The IMSAFE chart is a mnemonic device that helps pilots and co-pilots evaluate if they are fit for flying. This checklist usually checks on many factors that may influence or impair a pilot’s ability to fly safely. The elements can either be physiological and psychological, including physical illness, stress, alcohol, and emotional issues. Ultimately, that is what the IMSAFE chart solves while ensuring the pilots meet their operations’ standards.
Generally, professional pilots get this training early at the onset of their education. And responsible pilots are very much aware and familiar with the pre-flight checklists to ensure the safety and readiness to fly. The IMSAFE charts respond to various issues that could otherwise interfere with both the pilot and co-pilot’s ability to perform as required. It is also crucial to note that a pilot can violate this checklist’s standard requirements on the least of occasions.
While it is also true that a pilot is the ultimate answer to the safety of the passengers, other factors that have to do with the plane are plainly to blame. So it is never all about the pilot because the professionals know what to do to ensure this. Otherwise, for learning, below are the broader details concerning the IMSAFE chart and how they may influence the whole process of flying a plane.
When it comes to illness, everything narrows down to the onset times when a pilot joins an aviation training. The requirement is that all pilots should have a valid medical certificate for flight. However, the certification never covers some illnesses, such as cases of flu and colds. Generally, though, the rule states that if a pilot develops or has a known condition that could impair him from having a medical certificate, he will not in any way fly a plane. In the past, some have ignored the minor illness only to have unpleasant experiences along the way. It is also essential to note that a pilot is not only responsible for the well-being of the passengers but is also answerable to his or her health.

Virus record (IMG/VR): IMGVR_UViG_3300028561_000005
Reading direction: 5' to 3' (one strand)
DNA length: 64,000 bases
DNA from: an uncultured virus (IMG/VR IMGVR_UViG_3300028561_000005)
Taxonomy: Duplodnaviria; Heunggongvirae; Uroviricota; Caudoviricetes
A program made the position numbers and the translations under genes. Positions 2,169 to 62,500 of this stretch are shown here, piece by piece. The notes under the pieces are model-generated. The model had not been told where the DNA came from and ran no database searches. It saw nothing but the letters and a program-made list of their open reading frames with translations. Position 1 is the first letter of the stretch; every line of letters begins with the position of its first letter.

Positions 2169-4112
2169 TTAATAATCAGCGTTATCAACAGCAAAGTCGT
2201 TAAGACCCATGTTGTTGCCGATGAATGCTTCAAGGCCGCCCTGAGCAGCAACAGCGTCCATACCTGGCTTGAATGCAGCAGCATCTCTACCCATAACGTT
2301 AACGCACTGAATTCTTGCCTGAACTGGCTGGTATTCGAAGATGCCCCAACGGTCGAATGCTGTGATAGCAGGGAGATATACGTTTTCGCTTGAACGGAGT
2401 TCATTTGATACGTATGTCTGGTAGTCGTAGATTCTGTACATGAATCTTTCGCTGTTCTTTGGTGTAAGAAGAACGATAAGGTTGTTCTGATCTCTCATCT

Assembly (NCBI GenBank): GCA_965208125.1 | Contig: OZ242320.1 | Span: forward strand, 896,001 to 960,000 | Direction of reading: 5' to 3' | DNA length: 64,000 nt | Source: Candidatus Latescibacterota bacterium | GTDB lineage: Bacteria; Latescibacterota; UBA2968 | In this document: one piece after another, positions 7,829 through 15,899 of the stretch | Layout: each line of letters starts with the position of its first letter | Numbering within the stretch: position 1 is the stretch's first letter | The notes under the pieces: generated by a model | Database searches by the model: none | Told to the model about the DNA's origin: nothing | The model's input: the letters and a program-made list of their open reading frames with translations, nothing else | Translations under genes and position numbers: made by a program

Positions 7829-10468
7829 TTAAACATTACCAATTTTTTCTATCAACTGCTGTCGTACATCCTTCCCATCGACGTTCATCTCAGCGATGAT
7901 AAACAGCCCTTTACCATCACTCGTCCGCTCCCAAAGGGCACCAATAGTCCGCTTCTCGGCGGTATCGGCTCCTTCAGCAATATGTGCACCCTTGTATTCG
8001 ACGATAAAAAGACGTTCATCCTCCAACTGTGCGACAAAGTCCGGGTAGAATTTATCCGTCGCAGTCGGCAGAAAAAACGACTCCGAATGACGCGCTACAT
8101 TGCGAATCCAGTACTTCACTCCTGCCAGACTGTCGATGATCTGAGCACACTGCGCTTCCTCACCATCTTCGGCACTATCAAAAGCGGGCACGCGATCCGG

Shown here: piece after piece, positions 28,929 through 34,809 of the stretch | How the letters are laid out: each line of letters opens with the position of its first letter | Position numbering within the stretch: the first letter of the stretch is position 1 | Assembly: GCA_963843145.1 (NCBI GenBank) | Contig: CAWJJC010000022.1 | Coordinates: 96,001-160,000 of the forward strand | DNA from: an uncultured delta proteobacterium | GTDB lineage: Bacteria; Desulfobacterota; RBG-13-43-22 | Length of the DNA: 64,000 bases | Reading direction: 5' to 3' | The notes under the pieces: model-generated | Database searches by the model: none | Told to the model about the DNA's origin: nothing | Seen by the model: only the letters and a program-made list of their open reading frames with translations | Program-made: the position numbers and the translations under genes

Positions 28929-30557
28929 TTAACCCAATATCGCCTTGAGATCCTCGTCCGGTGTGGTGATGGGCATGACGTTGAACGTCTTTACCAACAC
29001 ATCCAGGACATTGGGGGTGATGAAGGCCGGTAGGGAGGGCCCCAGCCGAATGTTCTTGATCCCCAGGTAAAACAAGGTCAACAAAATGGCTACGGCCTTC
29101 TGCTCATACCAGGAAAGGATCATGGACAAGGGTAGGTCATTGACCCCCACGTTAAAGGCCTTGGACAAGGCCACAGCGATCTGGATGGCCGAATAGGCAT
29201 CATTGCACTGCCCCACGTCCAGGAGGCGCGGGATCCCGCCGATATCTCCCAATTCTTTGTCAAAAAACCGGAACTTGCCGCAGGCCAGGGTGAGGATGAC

Some medications are dangerous for the pilot. Over-the-counter drugs and other prescriptions like diphenhydramine may inhibit a pilot’s ability to fly or, worse, cause an accident. For this reason, if a pilot has a condition where medication is vital, it makes perfect sense to discuss this with the responsible examiners. Moreover, if one is on medication, it is critical to note the amount of time to wait before flying, depending on the specific medication. Some drugs may also have long-term effects on the body and could impair the pilot’s performance.
Stress is part of life to just anyone else outside there. Pilots cannot be any different, and more often than not, they experience this. While it is worth appreciating the importance of stress in keeping some people on toes, some cases can be above average and have negative effects. Stress can categorize as either physiological and environmental, all of which may come from various reasons here and there. Of course, stress can make someone make bad decisions, and the least of people expected in that state is a pilot. The pilot’s underlying requirement is to analyze the stress level before flying while developing positive coping methods.
Much like drinking and driving, flying and alcohol are two worlds apart. Studies and out of experience confirm overwhelmingly how alcohol influences performance. And for a pilot, alcohol shows an increased number and cases of procedural errors. The law prohibits pilots from flying if they have consumed alcohol within 8 hours of flying. It is highly recommended that the pilot waits for at least 24 hours after drinking before going to the controls. A thump of advice also touches on the case of hangovers from alcohol that could also influence optimal operations.
It is also common to feel tired in one way or the other. Although some rules and policies may be available to manage a pilot’s fatigue, it is excellent to note that various people have varied means of handling this. Regardless of how a pilot chooses to handle it, getting enough sleep, eating well, and preparing mentally are undisputed solutions to manage fatigue. Otherwise, when a pilot fails to do so, the chances of falling asleep or getting dizzy in the cockpit are high.
While most pilots are known to be calm and reasonable people, it is common for emotions to get anyone’s best. That is why regardless of how strong and steady a pilot may be, assessing feelings and emotions before flying an aircraft will come a long way to make a significant difference.